THE director and co-founder of the popular and world-renowned Hay Festival has resigned following an investigation into accusations of bullying.

Peter Florence, who was suspended last October following the accusation by a staff member, resigned with immediate effect last Thursday, July 29, after the festival’s board of directors “unanimously endorsed” the findings of an independent investigation and panel review that upheld the internal complaint – and which found Mr Florence’s actions amounted to gross misconduct.

Florence’s departure comes amid a turbulent period for the esteemed arts and literary festival – which has been held online for the last two years due to the coronavirus pandemic. The bullying accusation also came shortly after a female festival curator alleged that she was sexually assaulted in February 2020 by a UAE government minister while on a visit to Abu Dhabi.

A statement from Hay Festival’s board of directors dated August 1 said: “On Thursday, July 29, the Hay Festival board unanimously endorsed the findings of an independent investigation and panel review that upheld an internal complaint against Hay Festival co-founder and director Peter Florence, backed by more than half of the Welsh festival team.

“In line with the festival's disciplinary procedure and bullying and harassment procedure, it was found that Mr Florence's actions amounted to gross misconduct.

“This decision followed a thorough and extensive process, which considered substantial supporting evidence. As the board gathered to conclude the internal process, Mr Florence resigned with immediate effect. The board will now be seeking new leadership for the world-renowned non-profit organisation.”

Since Mr Florence’s suspension last year, finance director Tania Hudson has led the team, running digital events in December and May.

Mr Florence’s departure comes after a period of expansion, with outposts set up in countries including Spain, Mexico, Colombia and Peru. Over decades, the festival has partnered with the Guardian, Sunday Times, Telegraph and Sky Arts. Hay Festival International will continue to be run by director Cristina Fuentes La Roche.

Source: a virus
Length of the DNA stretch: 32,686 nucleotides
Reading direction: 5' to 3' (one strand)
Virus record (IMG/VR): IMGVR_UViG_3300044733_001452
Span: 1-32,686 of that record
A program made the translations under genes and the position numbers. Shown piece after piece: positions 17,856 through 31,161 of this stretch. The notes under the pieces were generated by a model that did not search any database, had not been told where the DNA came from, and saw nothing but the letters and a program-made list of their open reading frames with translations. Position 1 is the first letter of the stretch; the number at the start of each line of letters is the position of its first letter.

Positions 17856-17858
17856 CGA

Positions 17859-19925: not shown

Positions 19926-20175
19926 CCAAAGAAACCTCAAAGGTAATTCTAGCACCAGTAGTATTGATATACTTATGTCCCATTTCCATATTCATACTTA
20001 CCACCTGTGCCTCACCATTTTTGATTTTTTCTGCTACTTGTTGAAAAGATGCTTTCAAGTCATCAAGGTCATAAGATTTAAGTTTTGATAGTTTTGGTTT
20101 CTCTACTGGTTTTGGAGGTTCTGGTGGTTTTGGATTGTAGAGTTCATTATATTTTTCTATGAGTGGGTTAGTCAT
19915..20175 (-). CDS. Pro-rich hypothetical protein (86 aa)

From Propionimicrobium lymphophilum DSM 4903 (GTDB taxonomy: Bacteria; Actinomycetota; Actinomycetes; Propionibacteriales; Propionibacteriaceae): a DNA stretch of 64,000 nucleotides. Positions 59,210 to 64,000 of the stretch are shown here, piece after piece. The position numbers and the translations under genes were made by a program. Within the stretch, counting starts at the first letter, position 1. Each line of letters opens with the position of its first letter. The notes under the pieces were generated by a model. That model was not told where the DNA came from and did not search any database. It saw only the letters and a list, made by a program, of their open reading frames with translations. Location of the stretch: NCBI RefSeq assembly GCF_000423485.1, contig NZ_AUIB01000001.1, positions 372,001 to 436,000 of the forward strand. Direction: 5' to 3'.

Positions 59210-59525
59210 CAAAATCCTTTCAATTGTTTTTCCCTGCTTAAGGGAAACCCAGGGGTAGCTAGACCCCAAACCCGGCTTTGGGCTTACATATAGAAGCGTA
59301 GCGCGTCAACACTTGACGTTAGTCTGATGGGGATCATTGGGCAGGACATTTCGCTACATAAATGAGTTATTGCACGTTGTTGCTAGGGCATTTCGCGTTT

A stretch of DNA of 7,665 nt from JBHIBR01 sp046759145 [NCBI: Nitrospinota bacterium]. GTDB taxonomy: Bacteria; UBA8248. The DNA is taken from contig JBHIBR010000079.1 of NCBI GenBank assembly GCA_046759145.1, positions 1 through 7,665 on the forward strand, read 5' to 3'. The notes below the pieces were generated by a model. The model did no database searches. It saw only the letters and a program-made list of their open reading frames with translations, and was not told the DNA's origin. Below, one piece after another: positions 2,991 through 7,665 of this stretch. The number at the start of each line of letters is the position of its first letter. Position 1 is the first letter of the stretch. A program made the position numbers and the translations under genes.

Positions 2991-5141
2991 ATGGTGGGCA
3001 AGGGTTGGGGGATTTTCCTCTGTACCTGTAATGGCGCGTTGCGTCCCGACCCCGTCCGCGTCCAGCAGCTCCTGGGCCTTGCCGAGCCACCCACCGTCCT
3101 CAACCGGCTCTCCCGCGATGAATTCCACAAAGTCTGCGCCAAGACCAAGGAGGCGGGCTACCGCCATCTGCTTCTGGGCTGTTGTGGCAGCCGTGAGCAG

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“Mr Florence was suspended last October following the panel’s review of the grievance complaints and has been signed off sick since then,” the statement continued.

“Finance director and interim CEO Tania Hudson has led the UK team over the past 10 months, delivering successful digital events in December and May, while Hay Festival international director Cristina Fuentes continues to run Hay Festival events internationally.

“Thanks to the dedication and commitment of our teams, artists, friends, Haymakers and supporters in Wales and around the world, our hybrid festival plans continue unchanged for the next 12 months as we bring writers and readers together in sustainable events across Spain, Mexico, Colombia, Peru and Hay-on-Wye.”

In a statement of his own, Mr Florence hit out at the board, saying: “I consider that my role had become untenable due to the conduct of the board and its insistence on holding a disciplinary hearing in my absence whilst I was off sick following a breakdown.

“I am incredibly proud of the achievements of the Hay festival over the past 35 years and hope that it continues to go from strength to strength. I do not wish to comment further at this time and continue to take legal advice.”

Since its founding in 1988 by Mr Florence and his parents Rhoda and Norman, the festival has hosted many top names in world literature, from Mario Vargas Llosa and Jung Chang to Martin Amis and Hilary Mantel, while former US President Bill Clinton famously called it a “Woodstock of the mind”.

Mr Florence was made a CBE in 2018 for services to literature and charity, and he chaired the jury of the 2019 Man Booker Prize for Fiction.

The reputation of the festival, which in normal times runs over 10 days in May and June, was seriously tarnished last autumn following Caitlin McNamara’s allegations against Sheikh Nahyan bin Mubarak Al Nahyan, a member of a prominent UAE family.

Al Nahyan denied the allegations and the Crown Prosecution Service announced in October it could not bring charges against the UAE government minister because the alleged offence happened abroad.

Ms McNamara, then 32 and who had waived her right to anonymity, was visiting the Middle East nation for discussions about holding Hay's first event in the region. She alleged she was attacked by Al Nahyan on a private island in February.

The festival's chair, Caroline Michel, said the offshoot event promoting freedom of speech and women’s empowerment would not be returning to Abu Dhabi, while some of the world’s biggest NGOs and bestselling authors – including Stephen Fry and Noam Chomsky – signed a letter condemning abuse of free speech in Abu Dhabi.